As federal policy makers push for GHG regulation and transparent markets, the California experience shows what works and what doesn’t work.
Europe Rewired: A Giant Awakens
EU nations are taking slow steps toward an integrated energy market, but they are many paces ahead of U.S. efforts.
Despite recent setbacks in establishing an acceptable balance of voting power among member nations, a new constitution for the European Union (EU) is expected to bring together dozens of separate nations into a single economic and political superpower and lead to an interconnected energy market throughout the European continent-one that will eventually stretch from Portugal to the Baltic Sea and from Ireland to Greece and perhaps beyond.
In contrast to the restructuring of the U.S. electric industry, which was driven largely by an ideological belief in the supremacy of markets over regulation, the drive for change in Europe's markets has critical social and political components, as well as economic aspects. Loyola de Palacio, vice president in charge of transport and energy for the European Commission, has emphasized the linkage of power market reforms with the evolving sense of European community. "Creating a single market would link up power grids across the length and breadth of the EU and put an end to the predicament of some countries [that] feel isolated," she says.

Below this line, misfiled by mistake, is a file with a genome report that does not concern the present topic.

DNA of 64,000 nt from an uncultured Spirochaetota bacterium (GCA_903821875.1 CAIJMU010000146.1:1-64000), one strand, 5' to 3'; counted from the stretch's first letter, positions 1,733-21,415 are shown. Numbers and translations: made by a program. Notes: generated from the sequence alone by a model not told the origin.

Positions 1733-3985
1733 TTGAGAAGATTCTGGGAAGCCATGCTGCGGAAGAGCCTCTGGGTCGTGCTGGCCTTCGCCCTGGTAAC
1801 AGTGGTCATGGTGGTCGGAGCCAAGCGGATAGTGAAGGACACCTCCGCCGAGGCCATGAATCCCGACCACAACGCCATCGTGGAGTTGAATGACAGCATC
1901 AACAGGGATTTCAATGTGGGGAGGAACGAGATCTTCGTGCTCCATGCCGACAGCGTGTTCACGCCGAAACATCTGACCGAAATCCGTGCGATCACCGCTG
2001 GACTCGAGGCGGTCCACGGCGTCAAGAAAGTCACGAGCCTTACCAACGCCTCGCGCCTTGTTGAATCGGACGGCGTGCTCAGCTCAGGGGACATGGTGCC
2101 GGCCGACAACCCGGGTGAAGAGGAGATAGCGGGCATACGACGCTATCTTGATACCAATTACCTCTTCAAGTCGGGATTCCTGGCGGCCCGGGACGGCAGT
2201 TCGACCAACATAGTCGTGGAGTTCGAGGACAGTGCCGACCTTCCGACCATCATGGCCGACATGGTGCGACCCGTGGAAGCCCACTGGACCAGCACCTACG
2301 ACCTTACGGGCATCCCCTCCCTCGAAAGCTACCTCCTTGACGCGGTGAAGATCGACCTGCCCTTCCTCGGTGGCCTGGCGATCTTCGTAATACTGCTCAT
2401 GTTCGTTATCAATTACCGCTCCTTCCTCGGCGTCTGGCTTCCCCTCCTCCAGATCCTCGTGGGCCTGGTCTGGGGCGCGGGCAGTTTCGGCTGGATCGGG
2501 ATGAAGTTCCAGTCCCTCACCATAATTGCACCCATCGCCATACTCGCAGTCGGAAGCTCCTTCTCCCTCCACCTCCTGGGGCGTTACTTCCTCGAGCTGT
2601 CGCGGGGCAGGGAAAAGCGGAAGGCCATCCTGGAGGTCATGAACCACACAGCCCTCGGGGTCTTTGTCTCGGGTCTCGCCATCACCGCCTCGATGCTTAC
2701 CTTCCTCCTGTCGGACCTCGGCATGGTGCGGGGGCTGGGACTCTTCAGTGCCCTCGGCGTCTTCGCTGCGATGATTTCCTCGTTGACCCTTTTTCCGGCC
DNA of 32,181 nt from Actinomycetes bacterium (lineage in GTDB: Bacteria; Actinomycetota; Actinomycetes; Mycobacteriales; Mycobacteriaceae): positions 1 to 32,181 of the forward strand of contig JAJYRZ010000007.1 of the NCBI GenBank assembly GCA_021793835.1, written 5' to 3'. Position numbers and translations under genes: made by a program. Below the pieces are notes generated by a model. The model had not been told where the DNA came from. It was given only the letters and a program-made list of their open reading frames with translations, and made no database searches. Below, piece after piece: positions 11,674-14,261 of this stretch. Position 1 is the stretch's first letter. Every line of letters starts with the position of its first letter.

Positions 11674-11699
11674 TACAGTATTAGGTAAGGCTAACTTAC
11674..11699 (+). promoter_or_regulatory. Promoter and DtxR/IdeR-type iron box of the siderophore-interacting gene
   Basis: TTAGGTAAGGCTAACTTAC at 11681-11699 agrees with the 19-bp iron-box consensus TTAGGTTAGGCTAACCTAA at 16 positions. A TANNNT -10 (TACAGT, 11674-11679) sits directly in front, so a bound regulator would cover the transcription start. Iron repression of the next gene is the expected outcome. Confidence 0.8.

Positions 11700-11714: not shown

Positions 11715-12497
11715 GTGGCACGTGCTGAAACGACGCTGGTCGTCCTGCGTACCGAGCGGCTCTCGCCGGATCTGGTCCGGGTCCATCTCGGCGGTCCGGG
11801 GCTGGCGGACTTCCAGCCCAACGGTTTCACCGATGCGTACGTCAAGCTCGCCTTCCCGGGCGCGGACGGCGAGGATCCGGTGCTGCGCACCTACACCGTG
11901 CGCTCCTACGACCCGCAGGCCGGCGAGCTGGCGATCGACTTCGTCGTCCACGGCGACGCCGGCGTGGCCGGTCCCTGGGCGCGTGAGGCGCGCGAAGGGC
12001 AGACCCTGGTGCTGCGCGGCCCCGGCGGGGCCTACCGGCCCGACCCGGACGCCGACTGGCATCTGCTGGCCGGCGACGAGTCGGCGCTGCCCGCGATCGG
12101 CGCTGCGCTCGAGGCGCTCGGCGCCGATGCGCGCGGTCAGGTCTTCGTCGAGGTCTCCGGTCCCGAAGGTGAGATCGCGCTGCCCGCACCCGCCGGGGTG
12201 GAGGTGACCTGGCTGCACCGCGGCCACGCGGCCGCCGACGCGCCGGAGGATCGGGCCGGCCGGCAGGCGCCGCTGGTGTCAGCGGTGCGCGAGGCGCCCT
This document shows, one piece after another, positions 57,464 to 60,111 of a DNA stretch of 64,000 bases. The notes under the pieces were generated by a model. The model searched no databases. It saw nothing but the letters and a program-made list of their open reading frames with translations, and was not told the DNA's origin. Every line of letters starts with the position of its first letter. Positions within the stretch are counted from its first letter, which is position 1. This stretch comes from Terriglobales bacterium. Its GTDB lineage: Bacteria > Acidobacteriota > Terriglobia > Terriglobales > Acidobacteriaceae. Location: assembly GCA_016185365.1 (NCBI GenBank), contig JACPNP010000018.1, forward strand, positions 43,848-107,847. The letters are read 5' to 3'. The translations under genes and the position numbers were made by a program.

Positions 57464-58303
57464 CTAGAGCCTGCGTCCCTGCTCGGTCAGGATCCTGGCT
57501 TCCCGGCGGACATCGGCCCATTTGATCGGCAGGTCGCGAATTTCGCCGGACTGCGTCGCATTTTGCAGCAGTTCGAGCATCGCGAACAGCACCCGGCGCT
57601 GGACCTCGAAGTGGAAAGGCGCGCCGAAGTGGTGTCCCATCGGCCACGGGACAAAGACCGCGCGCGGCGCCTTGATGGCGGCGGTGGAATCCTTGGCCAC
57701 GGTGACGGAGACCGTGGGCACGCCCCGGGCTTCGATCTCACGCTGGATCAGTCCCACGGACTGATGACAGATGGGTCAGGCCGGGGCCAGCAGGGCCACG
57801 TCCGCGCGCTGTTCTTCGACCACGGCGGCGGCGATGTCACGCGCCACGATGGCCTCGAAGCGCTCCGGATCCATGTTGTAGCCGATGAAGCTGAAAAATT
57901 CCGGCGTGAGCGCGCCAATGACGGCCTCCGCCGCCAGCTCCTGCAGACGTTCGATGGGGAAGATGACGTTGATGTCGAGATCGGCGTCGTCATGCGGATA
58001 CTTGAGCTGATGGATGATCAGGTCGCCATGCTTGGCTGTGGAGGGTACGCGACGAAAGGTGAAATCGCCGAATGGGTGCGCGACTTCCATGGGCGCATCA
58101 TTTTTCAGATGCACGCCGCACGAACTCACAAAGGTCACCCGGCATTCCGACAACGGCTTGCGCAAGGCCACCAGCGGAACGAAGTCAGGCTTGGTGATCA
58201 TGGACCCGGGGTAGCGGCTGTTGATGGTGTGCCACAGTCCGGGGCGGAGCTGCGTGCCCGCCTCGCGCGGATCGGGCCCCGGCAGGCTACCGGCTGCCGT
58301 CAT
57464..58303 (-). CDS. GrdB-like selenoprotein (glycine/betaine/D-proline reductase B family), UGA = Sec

In demographic and economic terms, the EU market will indeed be a giant, moving from the 375 million citizens of the current 15 members to a 25-member consortium of 440 million inhabitants, with the addition of 10 new member states in May. The annual economic output of the EU will rise from 8.5 trillion Euros-approximately $10.7 trillion (U.S.) at today's exchange rates-to more than 13 trillion Euros, or $16.25 trillion by the year 2020.
The outlines of an integrated European network for fuel, power, and energy services have been defined through a long process of negotiation and compromise that stretches back nearly a decade. In the past year, though, specific directives have begun to emerge from EU headquarters in Brussels, including one that will require members to completely open their retail energy markets to competition within four years. Newer directives debated during recent meetings of the European Commission focus on ensuring security of electricity supplies in the aftermath of last summer's blackout events in London, Italy, Sweden, and Denmark, while revising the existing guidelines for expansion of electricity transmission networks and opening access to gas pipelines.
Meanwhile, the European Commission's Energy Council has voted in support of energy market integration in the Balkans that eventually will bring full interconnection among power systems in Southeast Europe and those of current EU members. Palacio hailed these moves as "momentous" and indicative of how energy policies match the broader objectives of EU expansion.
"For the first time," Palacio says, "on a regional level, encompassing all countries and states, a regional market with political function [is being created]. This is a new, very important step of a long process toward a closer cooperation that will ensure peace and stability in this European region."
Retail Competition Brings Wholesale Changes
On the retail side of the ledger, the European Commission last June determined that all commercial and industrial electricity consumers in member states will have a